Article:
Graham’s staging is highly inventive, though not all the ideas work. A big change from the norm is to have the three witches performed by men (Ferdy Roberts, Ben Caplan, and Calum Callaghan). These “weird sisters” are played as bantering blokeish yobs wearing hazmat suits and beaked masks, a long way from supernatural mystery, and their Act IV appearance is played for macabre laughs, with the “boiling cauldron” into which they chuck body parts a liquidizer – it’s undeniably funny but as sometimes elsewhere the humour undermines the tragic mood. The same actors double as the murderers, as well as other small roles in court, and are seen trundling around with gurneys bearing body bags, so that the witches’ nefarious influence seems pervasive. Callaghan also plays the Porter – in the one section written as comic relief of course – where he jokingly interacts with the groundlings near the stage.
The build-up to the assassination of Duncan is underwhelming, lacking real suspense. The coronation banquet scene (with Macbeth for some reason dressed like Charles III) is also disappointing. Uncovering two of the long dining tables to reveal suckling pigs while under the third cover lies the bloodied corpse of Banquo works brilliantly. But the idea of having virtually no one else on stage, with the audience representing the court attending the Macbeths, doesn’t capture the disturbed public reaction to Macbeth’s guilty behaviour that suggests he has murdered his way to the throne. There is no real sense of the diseased body politic of Scotland in this production. Although cacophonous banging outside the arena drums up a martial ambience, the battle scenes are fast-forwarded with the final showdown between Macbeth and Macduff an anti-climax.
Ti Green’s stripped-back design has the stage’s infrastructure draped in monotone grey like battlements, with silver birch branches suspended above the stage and three blasted tree trunks in the yard so that the witches can stand above the surrounding crowd. Very unusually for the Globe, there is little use of musical instrumentation apart from an effective military-style side drum, but Osnat Schmool’s dirge-like score for the singers makes a big contribution to the atmosphere.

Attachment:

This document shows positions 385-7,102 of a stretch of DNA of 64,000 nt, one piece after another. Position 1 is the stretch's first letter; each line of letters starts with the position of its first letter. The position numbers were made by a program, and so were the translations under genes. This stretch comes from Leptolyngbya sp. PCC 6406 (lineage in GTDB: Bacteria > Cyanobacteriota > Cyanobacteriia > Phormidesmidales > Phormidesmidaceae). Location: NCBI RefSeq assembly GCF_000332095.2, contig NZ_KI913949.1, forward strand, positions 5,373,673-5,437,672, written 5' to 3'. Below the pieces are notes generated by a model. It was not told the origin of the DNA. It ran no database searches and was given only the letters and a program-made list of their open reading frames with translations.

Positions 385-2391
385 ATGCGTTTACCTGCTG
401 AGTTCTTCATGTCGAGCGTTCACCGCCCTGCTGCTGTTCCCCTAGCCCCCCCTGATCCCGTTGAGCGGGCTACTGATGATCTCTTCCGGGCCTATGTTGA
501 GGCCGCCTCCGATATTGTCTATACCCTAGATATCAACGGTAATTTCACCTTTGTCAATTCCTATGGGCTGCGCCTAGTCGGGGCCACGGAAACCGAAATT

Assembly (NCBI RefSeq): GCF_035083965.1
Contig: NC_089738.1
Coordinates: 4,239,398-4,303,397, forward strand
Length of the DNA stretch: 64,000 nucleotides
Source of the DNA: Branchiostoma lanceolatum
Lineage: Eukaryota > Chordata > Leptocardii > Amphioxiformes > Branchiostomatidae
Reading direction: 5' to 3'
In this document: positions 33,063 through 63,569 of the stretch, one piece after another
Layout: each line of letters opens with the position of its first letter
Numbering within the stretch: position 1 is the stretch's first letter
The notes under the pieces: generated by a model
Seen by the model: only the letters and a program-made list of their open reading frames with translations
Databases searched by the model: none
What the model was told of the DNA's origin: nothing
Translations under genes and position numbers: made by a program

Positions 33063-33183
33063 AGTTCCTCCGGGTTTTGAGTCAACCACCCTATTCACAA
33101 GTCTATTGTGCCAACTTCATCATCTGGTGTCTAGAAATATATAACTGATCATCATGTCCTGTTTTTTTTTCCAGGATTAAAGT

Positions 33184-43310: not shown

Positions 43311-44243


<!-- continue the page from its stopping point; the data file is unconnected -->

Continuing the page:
Bennett gives a lucid, clearly spoken performance as Macbeth but fails to plumb the depths of the character’s “horrible imaginings”. He doesn’t fully convey the tragic fall of a heroic soldier turned traitor to his country, while his fatalistic “Tomorrow, and tomorrow, and tomorrow” speech when reacting to his wife’s death doesn’t convince us of the intense emotional journey Macbeth has undergone. Neither is there a strong sense of the disintegration of his relationship with Lady Macbeth, played energetically if in a slightly overstrained way by Houghton as an independent, assertive woman urging on her indecisive husband who mentally collapses when she realizes there will be no end to the bloodletting. The pathos of her sleepwalking scene is undercut by her grabbing a water bottle from an audience member to vainly cleanse her guilty hands, a gimmick too far.
Tamzin Griffin does well in her gender-swapped role of Queen Duncan, white-robed in naivety – a seriously bad judge of character. Fode Simbo is a touchingly paternal Banquo (distracting Fleance with a telescope to look at the stars while he gently takes away his mobile phone). We can feel the gut-wrenching grief of Aaron Anthony’s Macduff when learning his family has been wiped out, and also the fear of Eleanor Wyld’s Lady Macduff (also seen earlier with her son at the Macbeths’ castle) when the assassins break in to her unprotected home – before they become the latest victims to be carted out on gurneys.